An open letter to my mom on Mother’s Day

Dear Mom,

First off, happy Mother’s Day.

I don’t remember the day I was born (duh) or the day you brought me home from the hospital (double-duh—I was only two days old!), but I’ve seen pictures. The one I remember most vividly is you holding me maybe minutes after I was born, but probably more like hours. I mean, I don’t know firsthand what I woman who’s just been through labor really looks like, but it looks like it was recent enough. Anyway, this is going to sound unglamorous, but I can see some of the blots of busted capillaries, and all I can say to that is wow. You loved me enough to bust those capillaries (and God only knows what else) laboring to actually get me out into this insane place we call the world after carrying me for nine months and before carrying me for another, I dunno, twelve until I learned how to walk.

I don’t have concrete memories of you until I’m about three or so, but I do remember fragments from before. I remember fall, especially cleaning for the holidays, with that special astringent lemony scent that only Soft Scrub has. I remember hearing Enya and Fiona Apple. I remember being warm and cozy, and feeling safe, and, most of all, loved.

I’m not going to go through every single memory I have of you, but what I will say is this: every one is a treasure. Okay, most of them. I say “most” because I know I did some stupid things that rightfully pissed you off, and you’re scary when you’re mad. (Seriously, the thought of you being angry still cows me at times because you’re good at the teacher-ly wall of fury thing.)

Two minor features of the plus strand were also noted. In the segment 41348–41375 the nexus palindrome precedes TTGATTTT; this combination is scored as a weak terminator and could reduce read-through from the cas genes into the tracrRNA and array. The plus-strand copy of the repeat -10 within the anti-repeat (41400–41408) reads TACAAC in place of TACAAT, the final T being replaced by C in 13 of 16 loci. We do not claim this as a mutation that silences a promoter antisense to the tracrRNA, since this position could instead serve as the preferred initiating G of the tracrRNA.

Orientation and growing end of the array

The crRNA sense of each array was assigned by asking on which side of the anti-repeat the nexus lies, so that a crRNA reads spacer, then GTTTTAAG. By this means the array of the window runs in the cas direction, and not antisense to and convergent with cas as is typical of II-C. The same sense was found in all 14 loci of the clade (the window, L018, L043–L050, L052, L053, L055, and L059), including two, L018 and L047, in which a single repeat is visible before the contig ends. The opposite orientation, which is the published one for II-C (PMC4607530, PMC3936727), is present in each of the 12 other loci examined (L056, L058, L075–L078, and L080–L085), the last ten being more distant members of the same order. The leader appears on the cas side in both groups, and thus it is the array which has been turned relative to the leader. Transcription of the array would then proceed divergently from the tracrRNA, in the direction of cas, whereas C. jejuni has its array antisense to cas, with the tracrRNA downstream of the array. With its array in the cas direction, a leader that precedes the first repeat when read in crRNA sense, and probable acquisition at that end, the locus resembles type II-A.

I’d like to think that you’re proud to say “That’s my Chickadoodle!” in a lot of ways. I know you are in some, anyway. Honestly, there are times when my fall-back option is to just ask myself, “What would Mom do in this situation?” Usually, I call and ask, but I’ve done this for snap decisions, too, and I’d say it’s served me well.

A lot of the time, though, I can look back and remember what you taught me without having to think. You taught me that it’s okay to ask for help. You taught me how to swaddle a baby (or, in my case, a baby doll). You taught me to never back down. You taught me to trust my instincts. You taught me to read twice and for God’s sake, show my work if I want to get any points. You taught me that it’s okay to make mistakes. You taught me how to bake coffee cake and French breakfast muffins. You taught me how to sew, and how to use that funny iron-on stuff that allows for much easier hemming.

You taught me a lot, and you’re not done teaching me yet. But more than that, like I said before, you love me, even when I’m not all that lovable. You go above and beyond, and someday, when I have kids, I hope that they’ll write things like this about me, and that they’ll look at you and say, “My grandma is awesome”. (It’s a ways off, yet, but I still hope it happens!)

I love you, Mom. Now, and every day. Always have, always will.

Your Chickadoodle.